Around this time last year, Pulse ran a series of stories on locums who were left without work, and in some cases left in a position where they had to claim benefits.
A year on and we are in a very different position. Locum leaders say that locums are being snapped up within minutes of declaring their availability. One practice in Kilbride, Scotland, has taken the drastic step of putting routine appointments on hold and only accepting emergency appointments because of staffing problems.
I have noticed a bit of antagonism between locums and partners around this boom and bust cycle, with some locums feeling aggrieved about practices halting their use last year. Partners, on the other hand, have felt they have been taken for a ride by locums charging higher rates. I can understand why both parties feel like that, even if I suspect that there is no malice on either side.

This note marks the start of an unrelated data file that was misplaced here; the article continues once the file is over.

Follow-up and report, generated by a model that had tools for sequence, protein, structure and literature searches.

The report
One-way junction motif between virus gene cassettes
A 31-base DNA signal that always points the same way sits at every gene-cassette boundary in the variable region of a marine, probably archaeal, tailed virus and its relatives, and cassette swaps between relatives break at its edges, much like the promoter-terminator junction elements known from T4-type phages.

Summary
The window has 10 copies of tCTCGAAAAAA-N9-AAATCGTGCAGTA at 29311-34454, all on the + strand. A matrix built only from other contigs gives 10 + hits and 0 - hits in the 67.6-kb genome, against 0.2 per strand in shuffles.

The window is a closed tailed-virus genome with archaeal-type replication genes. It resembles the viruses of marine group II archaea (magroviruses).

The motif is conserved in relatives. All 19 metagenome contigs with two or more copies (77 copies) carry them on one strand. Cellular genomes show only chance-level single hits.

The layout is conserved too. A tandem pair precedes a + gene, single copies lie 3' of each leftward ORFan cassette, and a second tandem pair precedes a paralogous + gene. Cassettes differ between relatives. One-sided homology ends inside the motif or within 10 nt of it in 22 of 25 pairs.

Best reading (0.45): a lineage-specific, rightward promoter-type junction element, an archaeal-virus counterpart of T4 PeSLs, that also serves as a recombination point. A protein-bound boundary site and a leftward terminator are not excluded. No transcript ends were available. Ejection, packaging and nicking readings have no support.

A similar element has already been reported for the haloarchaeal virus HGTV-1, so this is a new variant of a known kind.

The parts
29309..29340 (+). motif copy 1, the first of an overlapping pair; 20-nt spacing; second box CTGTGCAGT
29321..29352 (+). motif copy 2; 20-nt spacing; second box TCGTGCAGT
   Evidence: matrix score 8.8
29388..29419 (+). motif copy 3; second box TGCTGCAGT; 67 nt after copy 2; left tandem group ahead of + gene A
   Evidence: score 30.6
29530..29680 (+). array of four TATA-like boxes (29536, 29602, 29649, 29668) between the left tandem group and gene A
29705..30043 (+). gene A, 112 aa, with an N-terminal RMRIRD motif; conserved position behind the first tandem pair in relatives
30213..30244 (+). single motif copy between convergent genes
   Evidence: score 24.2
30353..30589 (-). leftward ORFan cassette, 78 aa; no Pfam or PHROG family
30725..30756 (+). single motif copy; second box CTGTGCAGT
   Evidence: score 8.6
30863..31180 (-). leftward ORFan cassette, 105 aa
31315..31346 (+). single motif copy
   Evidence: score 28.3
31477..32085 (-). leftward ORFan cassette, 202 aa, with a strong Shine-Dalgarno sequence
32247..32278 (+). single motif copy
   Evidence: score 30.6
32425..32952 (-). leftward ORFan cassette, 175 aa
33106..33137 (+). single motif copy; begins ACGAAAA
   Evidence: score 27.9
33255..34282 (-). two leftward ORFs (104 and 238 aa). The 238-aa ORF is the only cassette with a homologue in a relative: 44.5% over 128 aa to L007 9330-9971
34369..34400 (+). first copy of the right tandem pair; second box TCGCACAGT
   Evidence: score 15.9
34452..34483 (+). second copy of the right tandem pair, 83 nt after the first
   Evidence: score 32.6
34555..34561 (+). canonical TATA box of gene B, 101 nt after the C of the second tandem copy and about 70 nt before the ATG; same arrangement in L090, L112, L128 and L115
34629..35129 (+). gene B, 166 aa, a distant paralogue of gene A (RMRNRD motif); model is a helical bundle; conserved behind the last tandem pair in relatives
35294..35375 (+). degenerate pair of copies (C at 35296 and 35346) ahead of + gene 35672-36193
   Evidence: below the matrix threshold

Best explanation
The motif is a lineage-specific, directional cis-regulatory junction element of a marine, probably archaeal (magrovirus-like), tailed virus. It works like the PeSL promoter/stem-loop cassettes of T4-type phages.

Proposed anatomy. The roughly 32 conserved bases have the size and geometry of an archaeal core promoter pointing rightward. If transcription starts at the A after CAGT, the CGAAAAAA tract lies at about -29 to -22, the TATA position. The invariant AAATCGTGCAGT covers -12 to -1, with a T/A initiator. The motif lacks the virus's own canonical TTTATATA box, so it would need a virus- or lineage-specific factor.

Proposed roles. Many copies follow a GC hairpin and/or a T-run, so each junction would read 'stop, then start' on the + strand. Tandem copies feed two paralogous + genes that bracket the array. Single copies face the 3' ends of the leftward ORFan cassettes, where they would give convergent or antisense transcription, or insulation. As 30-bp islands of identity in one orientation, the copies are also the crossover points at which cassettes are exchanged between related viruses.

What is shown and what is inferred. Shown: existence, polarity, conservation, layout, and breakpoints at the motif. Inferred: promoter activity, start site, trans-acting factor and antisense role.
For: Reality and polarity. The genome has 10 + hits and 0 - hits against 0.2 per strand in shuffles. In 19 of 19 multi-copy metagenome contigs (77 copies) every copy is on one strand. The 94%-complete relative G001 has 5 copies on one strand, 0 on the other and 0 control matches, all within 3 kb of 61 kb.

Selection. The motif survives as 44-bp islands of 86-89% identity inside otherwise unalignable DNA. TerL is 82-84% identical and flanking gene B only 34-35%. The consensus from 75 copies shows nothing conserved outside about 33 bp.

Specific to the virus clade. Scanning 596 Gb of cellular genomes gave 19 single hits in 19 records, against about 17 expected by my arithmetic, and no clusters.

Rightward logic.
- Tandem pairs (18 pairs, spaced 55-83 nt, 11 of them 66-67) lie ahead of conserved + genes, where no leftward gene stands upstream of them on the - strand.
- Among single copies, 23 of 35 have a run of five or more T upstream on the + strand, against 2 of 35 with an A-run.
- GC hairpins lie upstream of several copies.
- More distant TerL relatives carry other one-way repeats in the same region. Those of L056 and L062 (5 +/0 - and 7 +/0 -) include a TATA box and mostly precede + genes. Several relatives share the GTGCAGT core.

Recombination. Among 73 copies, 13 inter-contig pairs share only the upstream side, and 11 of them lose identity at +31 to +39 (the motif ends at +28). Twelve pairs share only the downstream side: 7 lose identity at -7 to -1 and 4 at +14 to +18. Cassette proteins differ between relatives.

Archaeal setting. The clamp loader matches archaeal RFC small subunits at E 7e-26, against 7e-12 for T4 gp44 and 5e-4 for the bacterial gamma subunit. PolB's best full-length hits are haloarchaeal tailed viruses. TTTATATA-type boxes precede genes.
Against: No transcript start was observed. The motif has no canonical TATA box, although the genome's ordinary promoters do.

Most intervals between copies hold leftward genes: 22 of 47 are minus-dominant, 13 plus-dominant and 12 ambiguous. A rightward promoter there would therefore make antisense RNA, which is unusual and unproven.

But my main feeling is that this is two sides of the same coin – the coin being the recruitment crisis that has not gone away. The instable nature of GP recruitment means that when partners do get the chance to rein back locum costs they will; conversely, locums always know this is a possibility due to unstable supply and demand.
I can’t see much respite from this boom and bust. LMC leaders are fearing winter, with pressure already mounting, and no doubt locums will be in even more demand. And no alternative counting of GP numbers will change this.
Maybe the only way out is to rip it up and start again.
Jaimie Kaffash is editor of Pulse. Follow him on Twitter @jkaffash or email him at firstname.lastname@example.org.